People with high IQs are more likely to smoke marijuana and take other illegal drugs, compared with those who score lower on intelligence tests, according to a new study from the U.K.
“It’s counterintuitive,” says lead author James White of the Center for the Development and Evaluation of Complex Interventions for Public Health Improvement at Cardiff University in Wales. “It’s not what we thought we would find.”
The research was based on interviews with some 7,900 British people born in early April 1970. Researchers measured the participants IQs at ages 5 and 10, then followed up with them at ages 16 and 30, asking about symptoms of psychological distress and drug use as part of a larger survey.
At age 30, about 35% of men and 16% of women said they had smoked marijuana at least once in the previous year; over the same time period, 9% of men and 4% of women said they had taken cocaine. Previous-year drug users tended to have scored higher on IQ tests than non-users.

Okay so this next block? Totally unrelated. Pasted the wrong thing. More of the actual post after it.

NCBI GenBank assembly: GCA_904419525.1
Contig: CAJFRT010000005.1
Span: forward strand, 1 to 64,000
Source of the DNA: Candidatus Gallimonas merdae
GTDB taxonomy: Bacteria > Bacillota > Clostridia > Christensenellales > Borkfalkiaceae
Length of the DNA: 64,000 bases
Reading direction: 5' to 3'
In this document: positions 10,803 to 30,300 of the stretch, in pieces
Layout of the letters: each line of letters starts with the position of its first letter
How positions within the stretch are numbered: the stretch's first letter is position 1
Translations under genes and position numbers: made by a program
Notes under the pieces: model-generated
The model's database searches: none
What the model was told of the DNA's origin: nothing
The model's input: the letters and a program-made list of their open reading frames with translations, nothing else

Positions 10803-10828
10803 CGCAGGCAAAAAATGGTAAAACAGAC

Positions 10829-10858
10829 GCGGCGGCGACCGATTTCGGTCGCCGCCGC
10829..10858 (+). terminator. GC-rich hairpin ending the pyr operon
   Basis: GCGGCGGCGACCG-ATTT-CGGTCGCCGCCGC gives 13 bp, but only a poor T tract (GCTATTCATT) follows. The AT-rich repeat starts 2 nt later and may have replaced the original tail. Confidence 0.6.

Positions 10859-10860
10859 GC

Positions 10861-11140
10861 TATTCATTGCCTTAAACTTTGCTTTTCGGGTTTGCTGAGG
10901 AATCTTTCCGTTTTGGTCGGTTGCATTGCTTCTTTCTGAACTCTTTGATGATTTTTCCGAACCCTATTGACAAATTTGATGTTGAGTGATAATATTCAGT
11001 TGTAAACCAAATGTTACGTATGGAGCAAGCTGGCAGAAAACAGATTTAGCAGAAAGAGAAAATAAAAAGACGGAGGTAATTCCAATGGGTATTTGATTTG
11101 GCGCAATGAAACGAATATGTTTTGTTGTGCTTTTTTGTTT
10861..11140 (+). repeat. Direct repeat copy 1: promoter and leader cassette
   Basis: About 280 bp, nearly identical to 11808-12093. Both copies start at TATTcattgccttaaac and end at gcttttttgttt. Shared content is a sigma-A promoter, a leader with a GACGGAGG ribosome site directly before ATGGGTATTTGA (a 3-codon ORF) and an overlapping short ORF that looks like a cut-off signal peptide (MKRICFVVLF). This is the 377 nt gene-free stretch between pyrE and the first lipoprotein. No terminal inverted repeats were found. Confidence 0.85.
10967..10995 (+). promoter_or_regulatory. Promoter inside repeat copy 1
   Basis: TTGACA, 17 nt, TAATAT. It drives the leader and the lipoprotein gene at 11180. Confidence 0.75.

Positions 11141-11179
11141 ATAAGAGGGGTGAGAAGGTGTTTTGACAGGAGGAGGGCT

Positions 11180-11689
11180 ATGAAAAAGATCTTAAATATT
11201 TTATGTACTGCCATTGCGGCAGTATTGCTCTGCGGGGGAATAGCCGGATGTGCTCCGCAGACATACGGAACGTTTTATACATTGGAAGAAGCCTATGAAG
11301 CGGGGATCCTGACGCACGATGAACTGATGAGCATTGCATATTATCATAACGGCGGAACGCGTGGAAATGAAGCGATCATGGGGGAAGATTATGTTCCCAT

The IQ effect was larger in women: women in the top third of the IQ range at age 5 were more than twice as likely to have taken marijuana or cocaine by age 30, compared with those scoring in the bottom third. The men with the highest IQs were nearly 50% more likely to have taken amphetamines and 65% more likely to have taken ecstasy, compared to those with lower scores.

And these results held even when researchers controlled for factors like socioeconomic status and psychological distress, which are also correlated with rates of drug use.

So why might smarter kids be more likely to try drugs? “People with high IQs are more likely to score high on personality scales of openness to experience,” says White. “They may be more willing to experiment and seek out novel experiences.”

Another factor could be that the messages used to attempt to deter teens from drug use — particularly during the 1980s in the U.K. when the study group was in adolescence — weren’t exactly known for the subtlety of their reasoning, so they may not have targeted the smarter group well.